It wasn't meant as an insult, Glenn. But it's an historical fact that "state's rights" has long been short-hand for a "state's right to discriminate against those whom the federal government might otherwise choose to protect." That's just a fact. I mean, really. Do you suppose it was just a coincidence that "state's rights" advocates in the sixties just so happened to be the very people who flipped out over Brown v Board in the fifties? And that it was just a coincidence these people were overwhelmingly white?

For there to have been no correlation, well, then, there must have been a faction of "state's rights" supporters who wanted the states to be independent so these states could be more supportive of integration and voting rights, and not less. I don't recall there being such a faction. Do you?

P.S. I'm not a Dem. Never been one. Lincoln was my hero as a child. I always wanted to be a Republican. The problem is that by the time I was able to vote, the party had been taken over by Reaganites. And it's been downhill ever since. I mean, seriously, I'd take Romney, McCain, Dole or Bush 41 over Trump any ole day.

Edited by Pat Speer
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7 hours ago, Vince Palamara said:

I love these comments; honest: Chris Newton summed it up best; "Vince and Cyril haven't tried to insert themselves into the story, they are part of the CT community and may have a relationship with the publisher. Whereas Judith has attempted to make herself a part of the "main show". If your publisher creates an event to promote your work (yay) then what can you do if another "speaker" at the same event is what you believe to be a "whacko"? The "right" thing would be to attend (may be contractual anyway), promote your work, be polite and non confrontational. "; MICHAEL WALTON: "Comparing Wecht and Vince with Baker is like...well, there's just no comparison"; GLENN NALL: "I've never known anything about Vince until I encountered him in EF - since then i've read nothing but positive things about him "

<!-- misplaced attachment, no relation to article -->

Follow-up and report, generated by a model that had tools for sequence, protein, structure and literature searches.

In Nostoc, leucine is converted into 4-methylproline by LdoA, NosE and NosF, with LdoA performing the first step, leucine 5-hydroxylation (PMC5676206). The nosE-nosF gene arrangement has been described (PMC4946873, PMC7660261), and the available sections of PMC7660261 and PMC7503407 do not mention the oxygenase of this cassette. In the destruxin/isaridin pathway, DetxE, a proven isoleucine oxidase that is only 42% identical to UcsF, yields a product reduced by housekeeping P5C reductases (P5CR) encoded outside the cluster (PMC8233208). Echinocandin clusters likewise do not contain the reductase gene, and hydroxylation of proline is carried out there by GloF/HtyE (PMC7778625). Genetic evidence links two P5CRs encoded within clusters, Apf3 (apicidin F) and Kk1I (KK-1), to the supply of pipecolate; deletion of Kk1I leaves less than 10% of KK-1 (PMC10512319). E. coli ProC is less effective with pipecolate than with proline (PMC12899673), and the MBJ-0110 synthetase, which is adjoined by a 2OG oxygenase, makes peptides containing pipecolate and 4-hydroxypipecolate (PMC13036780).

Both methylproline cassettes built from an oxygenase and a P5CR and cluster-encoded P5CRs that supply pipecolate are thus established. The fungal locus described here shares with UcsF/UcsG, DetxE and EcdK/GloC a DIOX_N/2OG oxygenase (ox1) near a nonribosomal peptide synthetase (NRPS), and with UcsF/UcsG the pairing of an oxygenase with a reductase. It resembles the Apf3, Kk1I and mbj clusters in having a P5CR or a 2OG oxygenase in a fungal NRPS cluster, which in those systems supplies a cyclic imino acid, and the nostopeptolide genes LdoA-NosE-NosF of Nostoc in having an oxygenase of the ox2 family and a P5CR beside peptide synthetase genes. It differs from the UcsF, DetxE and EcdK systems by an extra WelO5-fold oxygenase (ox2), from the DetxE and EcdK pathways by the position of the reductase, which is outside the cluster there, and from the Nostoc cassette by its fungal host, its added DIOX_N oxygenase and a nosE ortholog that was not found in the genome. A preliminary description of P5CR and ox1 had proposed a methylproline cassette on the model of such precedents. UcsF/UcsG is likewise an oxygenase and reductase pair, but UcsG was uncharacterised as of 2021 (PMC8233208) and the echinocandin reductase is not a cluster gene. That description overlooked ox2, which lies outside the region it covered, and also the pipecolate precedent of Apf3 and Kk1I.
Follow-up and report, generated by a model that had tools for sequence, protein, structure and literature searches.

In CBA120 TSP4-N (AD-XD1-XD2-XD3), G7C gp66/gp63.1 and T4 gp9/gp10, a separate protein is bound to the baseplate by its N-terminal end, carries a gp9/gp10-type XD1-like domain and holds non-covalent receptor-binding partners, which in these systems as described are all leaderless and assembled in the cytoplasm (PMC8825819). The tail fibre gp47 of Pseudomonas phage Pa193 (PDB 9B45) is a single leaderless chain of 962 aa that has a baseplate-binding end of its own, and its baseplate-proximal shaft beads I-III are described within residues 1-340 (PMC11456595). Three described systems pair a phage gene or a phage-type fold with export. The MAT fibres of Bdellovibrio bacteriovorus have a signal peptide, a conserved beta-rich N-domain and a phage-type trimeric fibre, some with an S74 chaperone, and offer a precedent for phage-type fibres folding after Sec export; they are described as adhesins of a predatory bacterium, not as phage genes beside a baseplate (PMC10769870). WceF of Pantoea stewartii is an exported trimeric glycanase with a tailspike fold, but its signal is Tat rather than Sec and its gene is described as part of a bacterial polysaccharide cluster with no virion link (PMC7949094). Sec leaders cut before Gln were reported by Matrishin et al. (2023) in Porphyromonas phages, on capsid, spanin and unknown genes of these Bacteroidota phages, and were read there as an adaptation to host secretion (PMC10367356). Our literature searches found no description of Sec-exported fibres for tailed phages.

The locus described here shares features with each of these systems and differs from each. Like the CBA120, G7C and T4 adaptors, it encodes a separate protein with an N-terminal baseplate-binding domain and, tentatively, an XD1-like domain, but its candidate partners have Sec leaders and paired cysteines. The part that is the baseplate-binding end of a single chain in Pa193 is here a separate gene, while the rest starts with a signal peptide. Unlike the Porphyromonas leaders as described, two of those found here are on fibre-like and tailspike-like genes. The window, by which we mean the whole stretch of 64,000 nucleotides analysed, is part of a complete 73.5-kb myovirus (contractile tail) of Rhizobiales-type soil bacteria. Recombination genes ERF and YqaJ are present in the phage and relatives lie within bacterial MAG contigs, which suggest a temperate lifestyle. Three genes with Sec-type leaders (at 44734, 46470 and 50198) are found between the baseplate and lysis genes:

THANK YOU for not denigrating me for speaking at the conference as I often was at COPA in 1995 and 1996 ("COPA is an evil organization" etc. etc. etc.) and especially Lancer in 1997 ("Lancer is CIA! It is a dummy front to make money!!!" etc. etc. etc.)

Think how moronic it is to "expel" someone simply for attending: "Well, Vince debunks a certain area of research....but, ewwwww: he attended a certain conference! Even though he is factually sound, I am going to ignore him now." Pretty lame and stupid. To make a very good analogy: "Lee Harvey Oswald did not kill JFK acting alone, if he acted at all...but, ya know what? For whatever reason, he did associate with some unsavory characters and he did beat Marina, so the hell with him."